After surrendering to Bobbi (Adrianne Palicki) and Mack (Henry Simmons) at the end of last week’s episode Coulson (Clark Gregg) was back at base and bringing Fitz, Hunter and Grant Ward with him, something which didn’t go down too well with well everyone but Simmons and May in particular. It turns out that Coulson has a trick or two up his sleeve as he manipulates ‘Real’ SHIELD into helping him free Deathlock (J. August Richards) and Lincoln (Luke Mitchell) who were captured by Hydra last week. Back in Afterlife, Gordon (Jamie Harris) returns with Skye (Chloe Bennet)and Cal (Kyle MaClachlan), who isn’t too happy at his ex wife’s plan to ditch him.
Unfortunately Cal’s return was swept under the carpet a bit too easily which was frustrating considering he pretty much blew Jiaying’s secret by yelling about how Skye was his daughter. J and Afterlife were pretty short changed this episode as the show runners focused on the obligatory Avengers: Age of Ultron set up which comes a bit too late for UK viewers, one of the flaws with Channel 4’s frustrating decision to air Agents of SHIELD so far after the US. This meant Afterlife was relegated to a few set up scenes for the end of the season as Jiaying (Dichen Lachman) became wary of Raina (Ruth Negga) and her abilities after she convinced Skye to save Lincoln with one of her visions. This resulted in Cal warning his ex wife to watch her back around Raina, as it appears Flower’s is back to her old ways of using those around her for her own ends. Could Raina be about to try and stage a coup?
Back at base, Coulson a.k.a king of sass manipulated ‘Real’ SHIELD and May (Ming Na Wen) into staging a rescue mission to recover Lincoln and Deathlock, proving that despite all his doubts, Coulson can manipulate and deceive people as much as Nick Fury can. Though it must be said, May wasn’t too happy at discovering he had been hiding visits to her ex husband. While she didn’t have much of a leg to stand on after spying on Coulson back in season one, it’s safe to say Coulson’s dialogue about making it up to May at length will have caused one or two Philinda shippers to go rushing to Tumblr.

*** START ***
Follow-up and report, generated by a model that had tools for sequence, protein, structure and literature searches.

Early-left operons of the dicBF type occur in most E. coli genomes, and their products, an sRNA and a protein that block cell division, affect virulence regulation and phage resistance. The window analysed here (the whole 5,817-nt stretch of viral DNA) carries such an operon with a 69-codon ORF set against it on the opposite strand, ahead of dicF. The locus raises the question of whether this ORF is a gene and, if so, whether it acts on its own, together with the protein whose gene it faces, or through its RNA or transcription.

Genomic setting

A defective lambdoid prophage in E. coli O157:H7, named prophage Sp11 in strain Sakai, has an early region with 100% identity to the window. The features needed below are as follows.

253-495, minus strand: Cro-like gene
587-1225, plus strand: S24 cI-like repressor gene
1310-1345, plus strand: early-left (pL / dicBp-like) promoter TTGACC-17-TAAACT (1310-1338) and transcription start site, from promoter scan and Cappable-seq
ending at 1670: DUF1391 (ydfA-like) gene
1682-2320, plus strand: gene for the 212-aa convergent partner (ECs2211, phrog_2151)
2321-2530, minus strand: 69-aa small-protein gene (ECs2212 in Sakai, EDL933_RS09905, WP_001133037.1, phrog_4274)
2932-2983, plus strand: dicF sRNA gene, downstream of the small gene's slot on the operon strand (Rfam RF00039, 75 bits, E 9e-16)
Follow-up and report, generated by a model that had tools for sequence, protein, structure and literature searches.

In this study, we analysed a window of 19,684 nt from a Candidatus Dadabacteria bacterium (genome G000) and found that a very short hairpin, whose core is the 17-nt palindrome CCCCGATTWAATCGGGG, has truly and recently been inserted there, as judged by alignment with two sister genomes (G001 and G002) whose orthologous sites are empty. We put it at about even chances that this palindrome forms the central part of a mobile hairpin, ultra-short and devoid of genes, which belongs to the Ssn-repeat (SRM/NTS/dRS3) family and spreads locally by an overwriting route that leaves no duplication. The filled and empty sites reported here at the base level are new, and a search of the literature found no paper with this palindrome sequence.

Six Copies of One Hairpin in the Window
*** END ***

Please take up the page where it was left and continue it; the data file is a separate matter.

It was nice to see Coulson getting in touch with his inner Black Widow this episode by using the rescue mission as a cover to gain intel on Von Strucker, which is something of an irony for Captain America’s number one fan. Not too sure the Captain would be a big fan of Coulson’s actions here. But it’s also oddly satisfying that Coulson should have gone to such lengths in order to back up the Avengers, even if it does mean having to sacrifice the bus and lie to his team. Now if only we could have the Avengers finally discover he’s still alive.
The destruction of the bus at the hands of Hydra had to be the highlight of the episode and one of the best moments of the series as May successfully piloted the quinjet through the debris to make Hydra think they had been successful. As sad as the destruction of the bus was, it finally rammed home that despite the team being reunited, the gulf between them all was far too wide for them to ever work together as well as they once did. Unfortunately Skye’s epic fight scene was the exact opposite of May’s flying scene as it was reminiscent of a video game which made it frustrating to watch, though it was great to see how far she’s come under May’s tutelage.